Many in the West still call us “the Ukraine” and view us as part of Russia. When I read articles like this one, I wonder if Old Europe would even fight for the former Warsaw Pact countries and the Baltics, if they were attacked by Evil Empire 2.

So how about we change NATO to No Aid To Offer?

Anonymous said...

One could take a roomful of schoolchildren who could and do a much, much better job than the Ukrainian "political elite."

The Ukrainian Parliament did absolutely NOTHING for months. Well, except that the Party of Regions tried to shove through a no-confidence vote against Tymoshenko, which failed.

The article is true - Ukraine seems to have institutionalized black political comedy. Topping the list is the maniacal, toxic "relationship" between Yushchenko and Tymoshenko.

It's not hard to figure out - rasha has NEVER had any sort of humanitarian, decent government. roosha has ALWAYS had a brutal form of government, especially when it comes to Ukraine.

So why on earth would any sane person want to buddy up with roosha?

Finally, I have heard over and over from Ukrainians "don't tell us what to do, you can't teach us any lessons."

Now, it's "the West must help us."

Ukrainians may think they can have it both ways (there it is, the infamous "Ukrainian third way"), but that's not the way things work.

If the Ukrainian "political elite" doesn't get its act together, and fast, they're going to be sitting with Khodorkovsky in Siberia.

If the Ukrainian nation doesn't get its act together, and fast, they're going to be polishing rooskie boots, which will be firmly lodged on their throats.

Taras said...

Can't argue with that, Anonymous!

Elmer, when Kuchma sold Ukraine’s nuclear arsenal — the world’s third-largest — for IMF loans, I was 14. At that time, I was a kid studying in a special English class, trying to get the best knowledge I could. I steeped myself in American books. My parents did not vote for Kuchma. Nor did they steal anything.

Khodorkovsky certainly came across as a holy martyr in the eyes of Western investors who owned Yukos ADRs. But his "success story" doesn’t quite measure up to Bill Gates’s. Nor does his political imprisonment resemble the fate of the people who had worked and died as slaves in the Gulag. Khodorkovsky got in trouble when the Kremlin considered him a threat and singled him out so that similarly minded oligarchs could learn their lessons

Here’s an interesting discussion between US liberals and conservatives on what America would get from letting Ukraine into NATO.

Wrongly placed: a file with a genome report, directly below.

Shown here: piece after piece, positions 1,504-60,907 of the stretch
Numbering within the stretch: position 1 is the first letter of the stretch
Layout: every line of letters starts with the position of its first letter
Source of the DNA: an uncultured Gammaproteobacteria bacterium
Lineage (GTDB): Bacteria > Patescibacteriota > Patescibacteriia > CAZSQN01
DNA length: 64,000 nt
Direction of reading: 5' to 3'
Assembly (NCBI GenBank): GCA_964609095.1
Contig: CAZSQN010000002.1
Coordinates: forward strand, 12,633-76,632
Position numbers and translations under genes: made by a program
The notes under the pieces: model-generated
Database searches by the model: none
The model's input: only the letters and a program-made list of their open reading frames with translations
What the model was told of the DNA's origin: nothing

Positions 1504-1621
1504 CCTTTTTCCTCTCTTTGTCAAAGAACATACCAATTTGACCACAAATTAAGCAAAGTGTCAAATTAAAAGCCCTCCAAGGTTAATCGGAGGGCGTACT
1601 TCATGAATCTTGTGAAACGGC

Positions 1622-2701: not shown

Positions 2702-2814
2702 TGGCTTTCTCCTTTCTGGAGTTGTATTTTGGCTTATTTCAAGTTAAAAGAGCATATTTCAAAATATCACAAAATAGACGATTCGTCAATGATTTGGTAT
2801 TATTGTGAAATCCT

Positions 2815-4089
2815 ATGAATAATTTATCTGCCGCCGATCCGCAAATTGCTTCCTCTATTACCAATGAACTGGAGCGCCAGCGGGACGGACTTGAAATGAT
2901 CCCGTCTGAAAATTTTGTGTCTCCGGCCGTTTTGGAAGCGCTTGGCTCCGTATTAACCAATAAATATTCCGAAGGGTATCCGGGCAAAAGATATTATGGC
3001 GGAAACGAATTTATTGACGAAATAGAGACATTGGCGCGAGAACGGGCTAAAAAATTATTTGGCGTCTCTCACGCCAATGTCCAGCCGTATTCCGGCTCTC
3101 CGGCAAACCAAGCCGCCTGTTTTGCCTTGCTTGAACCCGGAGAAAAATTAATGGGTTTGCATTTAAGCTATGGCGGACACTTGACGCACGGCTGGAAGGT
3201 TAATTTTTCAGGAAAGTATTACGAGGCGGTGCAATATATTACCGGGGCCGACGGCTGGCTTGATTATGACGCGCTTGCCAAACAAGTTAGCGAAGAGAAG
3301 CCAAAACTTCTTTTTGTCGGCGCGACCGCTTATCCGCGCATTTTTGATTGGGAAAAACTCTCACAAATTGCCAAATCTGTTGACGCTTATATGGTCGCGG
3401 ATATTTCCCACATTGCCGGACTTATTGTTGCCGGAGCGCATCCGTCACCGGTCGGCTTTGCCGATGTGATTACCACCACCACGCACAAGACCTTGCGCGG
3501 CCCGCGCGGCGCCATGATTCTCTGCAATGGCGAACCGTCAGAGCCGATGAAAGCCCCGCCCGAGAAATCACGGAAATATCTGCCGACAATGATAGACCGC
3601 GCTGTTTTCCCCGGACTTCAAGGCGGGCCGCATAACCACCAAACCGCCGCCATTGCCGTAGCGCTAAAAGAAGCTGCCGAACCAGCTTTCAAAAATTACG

Now that we have no nukes and little hope of NATO membership, we only have ourselves to rely on in dealing with Russia. The West can do some talking, but when Hurricane Vladimir comes, we’re out on our own.

I feel somewhat attracted to conservatives on US foreign policy toward Ukraine, but my estimates of Ukraine’s admission to NATO remain just as conservative.

Anonymous said...

Taras, you are absolutely right about Khodorkovsky - the point is, of course, that if Ukrainian oligarchs think that by buddying up to Vlad Dracul Putin they're going to get some sort of safe haven with roosha, they have another think coming.

They will wind up in Siberia, like Khodorkovsky, because there are no guarantees with a maniac like Putin or with roosha.

Taras said...

If Russia attacks Ukraine, the oligarchs will be the first to board their jets and get the hell out of here.

Anonymous said...

If the Ukrainian oligarchs leave on their jets and yachts, even if they have money tucked away elsewhere, which they do, the base of assets and the candy store will be gone.

But that still leaves the question:

who will stand up for Ukraine?

or is it "last one leaving Ukraine, turn out the lights?"

Taras said...

With all the money they’ve siphoned out of Ukraine, I think they’ll be fine.

And, of course, it takes a full-scale war to find out who will stand up for Ukraine.

Anonymous said...

Well, Taras, it seems to me that prevention is better than cure.

One ought to stand up for Ukraine in order to avoid any doubt, and in order to avoid a war.

Unfortunately, I think you are right - the only ones capable of foresight and planning in Ukraine are the "political elite" - but only with respect to the non-stop chess game for the next elections.

That is a very narrow, limited field, and while the "political elite" are playing their chess games, they are insanely ravaging the country with their own food fights - to the huge detriment of Ukraine.

Meanwhile, if the people don't stand up for their own country, before any war, they can't expect anyone else to do so for them. It doesn't work that way.

Taras said...

That's exactly my point! We the people are out on our own.